Orioles tab pitching as top offseason priority

Orioles tab pitching as top offseason priority

BALTIMORE -- Asked about his future in 2016, Orioles manager Buck Showalter made it crystal clear.

"It's a great honor managing the Baltimore Orioles and I don't plan on doing anything else," said Showalter, who like executive vice president of baseball operations Dan Duquette is signed through 2018. "This is my last rodeo."

Now Showalter and Duquette -- who both laughed off reports of friction between them -- face the real test: rebounding from a .500 season that, by all accounts, wasn't good enough following 2014's American League East title run.

The chief issue that both Showalter and Duquette can agree on is this: the O's pitching staff allowed 100 more runs, making upgrading the starting rotation the No. 1 priority for next spring.

"Do we have the resources to have a good pitching staff? Yes," Duquette said, noting that additions will be necessary to this year's group. "The development of the pitchers, the trading for the pitchers and the signing of pitchers, I think we are going to have to do all those things."

Pitching coach Dave Wallace and bullpen coach Dom Chiti, along with the rest of Showalter's staff, have been invited back though many are drawing outside interest. Duquette said he would like the coaching issue resolved soon so the organization can turn its attention toward more urgent matters: upgrading the pitching and negotiating with some pending free agents.

Qualifying offers, which are $16 million this year, are being discussed for Chris Davis, Wei-Yin Chen and Matt Wieters, though it's a certainty that both Davis and Chen will decline them and instead seek multi-year contracts.

Must C: Davis swats Nos. 46, 47

In the case of Davis, who hit 47 homers with 117 RBIs, the Orioles will try to re-sign the slugger. But the question remains, can they afford to pay for one of the most sought-after power hitters on the market?

"We've let some players go [in the past], we have had some challenges to keep this team competitive. But I'm confident we can field a competitive team within the resources of the market," said Duquette, who could not retain Nelson Cruz and Nick Markakis as neither move sat well with the fanbase last year. "I don't know what the final [number] is going to be for Chris Davis, but having looked at some of the other contracts, it's going to be a lot of money. It's going to be a lot of money. And we are going to have to weigh that with the competitiveness of the team and the need to staff a strong pitching staff, and look at the possible replacements."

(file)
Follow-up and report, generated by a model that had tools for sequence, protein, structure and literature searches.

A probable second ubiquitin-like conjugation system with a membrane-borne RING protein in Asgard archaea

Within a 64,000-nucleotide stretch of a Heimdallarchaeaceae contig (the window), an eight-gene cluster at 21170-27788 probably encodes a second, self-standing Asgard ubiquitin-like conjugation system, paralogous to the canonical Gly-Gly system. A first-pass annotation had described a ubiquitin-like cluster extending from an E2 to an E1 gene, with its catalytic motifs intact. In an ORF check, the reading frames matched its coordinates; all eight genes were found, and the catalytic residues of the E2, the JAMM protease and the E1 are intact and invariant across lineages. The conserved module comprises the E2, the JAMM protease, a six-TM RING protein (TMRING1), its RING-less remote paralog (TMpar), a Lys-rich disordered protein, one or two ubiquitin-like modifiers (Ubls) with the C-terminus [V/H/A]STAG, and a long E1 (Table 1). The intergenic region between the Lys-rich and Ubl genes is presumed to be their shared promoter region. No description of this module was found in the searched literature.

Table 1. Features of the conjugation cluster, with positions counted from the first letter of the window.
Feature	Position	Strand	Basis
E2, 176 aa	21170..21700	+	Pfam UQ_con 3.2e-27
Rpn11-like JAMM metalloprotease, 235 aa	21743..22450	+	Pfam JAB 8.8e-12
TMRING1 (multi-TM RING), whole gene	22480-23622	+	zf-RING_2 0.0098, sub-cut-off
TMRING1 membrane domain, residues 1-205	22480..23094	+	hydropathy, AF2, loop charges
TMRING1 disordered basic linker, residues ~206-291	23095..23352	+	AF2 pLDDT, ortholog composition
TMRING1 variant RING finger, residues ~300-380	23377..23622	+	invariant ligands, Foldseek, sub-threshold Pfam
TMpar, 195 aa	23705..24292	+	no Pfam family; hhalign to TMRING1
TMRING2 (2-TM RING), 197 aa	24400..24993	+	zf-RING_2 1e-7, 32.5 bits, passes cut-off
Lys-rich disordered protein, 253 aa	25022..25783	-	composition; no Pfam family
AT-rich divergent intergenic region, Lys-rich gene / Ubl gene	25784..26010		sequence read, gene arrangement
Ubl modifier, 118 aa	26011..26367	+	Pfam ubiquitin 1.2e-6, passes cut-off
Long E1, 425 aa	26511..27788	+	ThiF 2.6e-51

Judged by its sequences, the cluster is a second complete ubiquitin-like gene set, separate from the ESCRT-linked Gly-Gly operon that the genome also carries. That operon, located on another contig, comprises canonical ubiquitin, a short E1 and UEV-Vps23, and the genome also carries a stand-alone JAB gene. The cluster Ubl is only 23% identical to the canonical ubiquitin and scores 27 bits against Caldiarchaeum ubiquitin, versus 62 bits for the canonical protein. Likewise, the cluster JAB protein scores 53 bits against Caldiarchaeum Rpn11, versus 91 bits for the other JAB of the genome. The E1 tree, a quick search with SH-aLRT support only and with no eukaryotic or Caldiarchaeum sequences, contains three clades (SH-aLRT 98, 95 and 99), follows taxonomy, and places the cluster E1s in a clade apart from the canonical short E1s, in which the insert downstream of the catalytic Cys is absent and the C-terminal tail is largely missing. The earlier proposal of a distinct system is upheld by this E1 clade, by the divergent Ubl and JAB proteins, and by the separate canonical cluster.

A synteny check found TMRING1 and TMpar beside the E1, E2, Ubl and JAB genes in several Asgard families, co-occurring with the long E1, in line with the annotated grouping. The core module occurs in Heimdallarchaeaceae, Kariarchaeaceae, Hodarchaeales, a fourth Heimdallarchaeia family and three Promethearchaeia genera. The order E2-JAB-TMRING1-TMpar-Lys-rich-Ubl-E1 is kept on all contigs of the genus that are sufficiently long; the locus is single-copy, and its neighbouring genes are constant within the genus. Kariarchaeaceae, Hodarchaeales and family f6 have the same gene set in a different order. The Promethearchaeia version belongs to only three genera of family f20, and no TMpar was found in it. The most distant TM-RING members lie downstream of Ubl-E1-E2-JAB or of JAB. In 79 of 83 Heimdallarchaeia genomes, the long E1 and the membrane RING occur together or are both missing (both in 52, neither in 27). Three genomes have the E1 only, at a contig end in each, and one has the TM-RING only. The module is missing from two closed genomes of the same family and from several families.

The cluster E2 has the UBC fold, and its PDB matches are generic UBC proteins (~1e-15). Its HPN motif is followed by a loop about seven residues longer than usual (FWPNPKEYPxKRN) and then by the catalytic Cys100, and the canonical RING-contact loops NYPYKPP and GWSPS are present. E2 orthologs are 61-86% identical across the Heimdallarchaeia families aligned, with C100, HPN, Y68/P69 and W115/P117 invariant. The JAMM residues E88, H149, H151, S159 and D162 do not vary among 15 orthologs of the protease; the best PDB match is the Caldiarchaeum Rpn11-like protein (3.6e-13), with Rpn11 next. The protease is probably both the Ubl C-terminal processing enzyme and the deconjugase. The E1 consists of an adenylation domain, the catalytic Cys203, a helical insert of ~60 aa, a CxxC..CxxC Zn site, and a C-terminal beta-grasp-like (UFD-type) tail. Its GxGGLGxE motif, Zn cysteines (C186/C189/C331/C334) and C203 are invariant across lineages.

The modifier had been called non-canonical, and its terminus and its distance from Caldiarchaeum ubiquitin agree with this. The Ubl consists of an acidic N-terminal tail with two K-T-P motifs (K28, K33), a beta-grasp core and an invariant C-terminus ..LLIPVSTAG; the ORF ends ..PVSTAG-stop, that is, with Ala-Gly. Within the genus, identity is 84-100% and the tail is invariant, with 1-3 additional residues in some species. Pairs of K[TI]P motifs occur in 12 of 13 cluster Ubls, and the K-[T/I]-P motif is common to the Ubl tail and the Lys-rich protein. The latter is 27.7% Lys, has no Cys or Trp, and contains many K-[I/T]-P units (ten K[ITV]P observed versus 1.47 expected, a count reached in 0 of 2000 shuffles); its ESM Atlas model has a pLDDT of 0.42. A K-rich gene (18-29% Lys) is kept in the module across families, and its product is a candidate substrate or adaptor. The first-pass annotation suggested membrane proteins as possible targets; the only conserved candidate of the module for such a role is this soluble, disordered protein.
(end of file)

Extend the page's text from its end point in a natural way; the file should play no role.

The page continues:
Davis is represented by Scott Boras, a notoriously tough negotiator, and Duquette said the O's had previously made an offer to Davis -- and Wieters -- but the two sides couldn't reach a deal.

Wieters' two-run single

"There's a lot bigger markets that are out there than this market. So, I don't know where that is going to end up," Duquette said. "But we like Chris Davis. We tried to sign Chris Davis, I don't know where that's going to end up. But we'd like to have him back for next year."

Several Orioles have made it public that they'd like to see Davis return, including Adam Jones -- who Duquette said "has earned the right" to voice his opinion to ownership -- and Manny Machado. Extending Machado, under team control for three more years, isn't necessarily on the back burner this winter, but Duquette said:

"We have a lot more urgent things to look at. We have already looked at that and will again. Manny's a great player and we'd love to have him here long term."

As for the team's payroll, which is generally in the middle of baseball's 30 clubs, Duquette didn't offer specifics or hint that any kind of big jump was coming.

"We are going to fund a payroll that allows us to field the best team we can field and then have the best experience we can have for our fans and our market," he said.

And that starts with some better pitching, a tough task considering the Orioles are already likely losing their best starter this season in Chen.

"We didn't play well on the road this year and that's a big byproduct of our pitching ... we weren't any less prepared, sometimes you go through periods. That was very frustrating," Showalter said. We've got some work to do in the pitching department, but that's not just it. We didn't do some things well offensively for a long period of time, especially on the road. Last year what happened a lot is we offset something that was missing that night."

Brittany Ghiroli is a reporter for MLB.com. Read her blog, Britt's Bird Watch, follow her on Facebook and Twitter @britt_ghiroli, and listen to her podcast. This story was not subject to the approval of Major League Baseball or its clubs.